It's best to keep the camera with you at all times in the days leading up to Halloween. You never know when something ghoulish will appear. Of course the truly weird and bizarre subjects may not make themselves immediately known. Expand your search beyond your local haunts to increase your opportunities. This type of persistence should come easy to zombies. As author Mira Grant wrote in Countdown, "There is nothing so patient, in this world or any other, as a virus searching for a host". Happy haunting! Read the full tutorial here.
When shooting in extremely dark areas, don't hesitate to crank up your ISO. This turtle was captured at ISO 12,800, photographed through a glass tank at the Bronx Zoo.
Signs of Autumn are cropping up all over town. Keep your camera handy to capture the sights of this colorful season.
According to a nearby sign, the exhibit was to be closed for the day. Several visitors grumbled before moving on hastily. I was about to do the same, but I noticed something move behind the glass.
With the Canon 6D and 70-200mm lens at f2.8 I was able to photograph the curious cubs. They were born in May, making them just over 4 months old.
There's no denying the convenience of a zoom lens, but there is a trade off most photographers won't admit. They make us lazy. Instead of walking around to find the best vantage point, we stay grounded in one spot. This often results in the last thing any of us want, unoriginal compositions. In this piece, I'd like to share an exercise to break free of these constraints. Read the full tutorial here.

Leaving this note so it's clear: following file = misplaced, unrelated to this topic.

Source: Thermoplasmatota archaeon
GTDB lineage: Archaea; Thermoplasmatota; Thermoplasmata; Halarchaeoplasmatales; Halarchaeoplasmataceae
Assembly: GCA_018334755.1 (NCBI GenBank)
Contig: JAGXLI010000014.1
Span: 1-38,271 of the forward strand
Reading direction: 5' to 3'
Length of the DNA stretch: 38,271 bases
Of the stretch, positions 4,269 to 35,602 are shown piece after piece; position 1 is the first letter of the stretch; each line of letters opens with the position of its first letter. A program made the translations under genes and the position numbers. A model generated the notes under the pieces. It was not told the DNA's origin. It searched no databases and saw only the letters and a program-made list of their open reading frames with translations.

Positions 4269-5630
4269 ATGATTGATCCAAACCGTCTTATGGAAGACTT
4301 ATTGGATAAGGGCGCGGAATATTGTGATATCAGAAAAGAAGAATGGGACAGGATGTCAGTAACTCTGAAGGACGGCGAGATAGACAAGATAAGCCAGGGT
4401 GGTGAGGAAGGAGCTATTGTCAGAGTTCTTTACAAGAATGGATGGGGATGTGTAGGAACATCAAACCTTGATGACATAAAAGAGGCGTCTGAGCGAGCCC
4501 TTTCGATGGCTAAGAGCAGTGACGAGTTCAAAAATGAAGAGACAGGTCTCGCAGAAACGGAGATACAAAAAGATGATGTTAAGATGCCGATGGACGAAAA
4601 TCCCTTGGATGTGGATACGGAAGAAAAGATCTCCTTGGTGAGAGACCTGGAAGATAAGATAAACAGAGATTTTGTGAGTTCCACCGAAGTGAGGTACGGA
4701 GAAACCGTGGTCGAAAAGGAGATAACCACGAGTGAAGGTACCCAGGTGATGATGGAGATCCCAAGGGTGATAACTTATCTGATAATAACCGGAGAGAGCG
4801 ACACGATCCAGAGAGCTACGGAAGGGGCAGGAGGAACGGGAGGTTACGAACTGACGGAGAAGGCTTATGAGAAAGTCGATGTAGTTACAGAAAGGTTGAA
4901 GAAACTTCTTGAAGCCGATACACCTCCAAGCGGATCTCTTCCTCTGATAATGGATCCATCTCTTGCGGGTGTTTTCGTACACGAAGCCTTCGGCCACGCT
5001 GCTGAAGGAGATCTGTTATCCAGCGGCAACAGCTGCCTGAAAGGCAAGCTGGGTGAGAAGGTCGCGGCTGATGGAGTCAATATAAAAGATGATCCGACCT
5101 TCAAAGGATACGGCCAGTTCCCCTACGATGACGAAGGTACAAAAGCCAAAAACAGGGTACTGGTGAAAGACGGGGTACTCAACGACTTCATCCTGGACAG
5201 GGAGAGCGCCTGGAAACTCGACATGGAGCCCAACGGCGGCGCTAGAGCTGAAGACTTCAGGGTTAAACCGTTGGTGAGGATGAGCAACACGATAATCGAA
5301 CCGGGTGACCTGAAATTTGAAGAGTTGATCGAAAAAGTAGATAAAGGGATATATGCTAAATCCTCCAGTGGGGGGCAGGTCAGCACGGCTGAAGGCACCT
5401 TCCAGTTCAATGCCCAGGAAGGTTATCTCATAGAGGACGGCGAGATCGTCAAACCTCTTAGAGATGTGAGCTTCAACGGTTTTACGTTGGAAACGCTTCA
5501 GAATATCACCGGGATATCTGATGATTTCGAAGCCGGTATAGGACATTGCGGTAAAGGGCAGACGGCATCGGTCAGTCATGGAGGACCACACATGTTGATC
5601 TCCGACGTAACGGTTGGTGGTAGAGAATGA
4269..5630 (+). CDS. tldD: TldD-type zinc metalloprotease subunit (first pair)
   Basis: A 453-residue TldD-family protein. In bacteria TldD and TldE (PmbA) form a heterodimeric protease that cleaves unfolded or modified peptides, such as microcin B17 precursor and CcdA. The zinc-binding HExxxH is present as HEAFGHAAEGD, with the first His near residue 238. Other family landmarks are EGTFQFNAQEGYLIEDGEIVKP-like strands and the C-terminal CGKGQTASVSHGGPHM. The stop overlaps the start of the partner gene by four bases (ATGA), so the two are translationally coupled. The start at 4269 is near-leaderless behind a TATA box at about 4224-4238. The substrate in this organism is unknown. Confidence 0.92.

I've visualized this type of shot for a while but haven't been able to capture it until now. The idea was to show just a sliver of sunlight on a subject while everything else remained in deep shadow. To accentuate this, I underexposed the areas in the shade, rendering it near black. I then converted the shot to B&W in Lightroom and added a bit of contrast.
For more ideas on what kinds of images work best in black and white, check my tutorial here.
Showing the motion of your subject can be more effective than freezing it. At 1/6th of a second, we see a lively field of grasses swaying to the ocean breeze.
This is a much more interesting image than a traditional capture with a fast shutter speed of 1/125.
For more ideas of how to use a slow shutter speed for creative exposures, check my article here.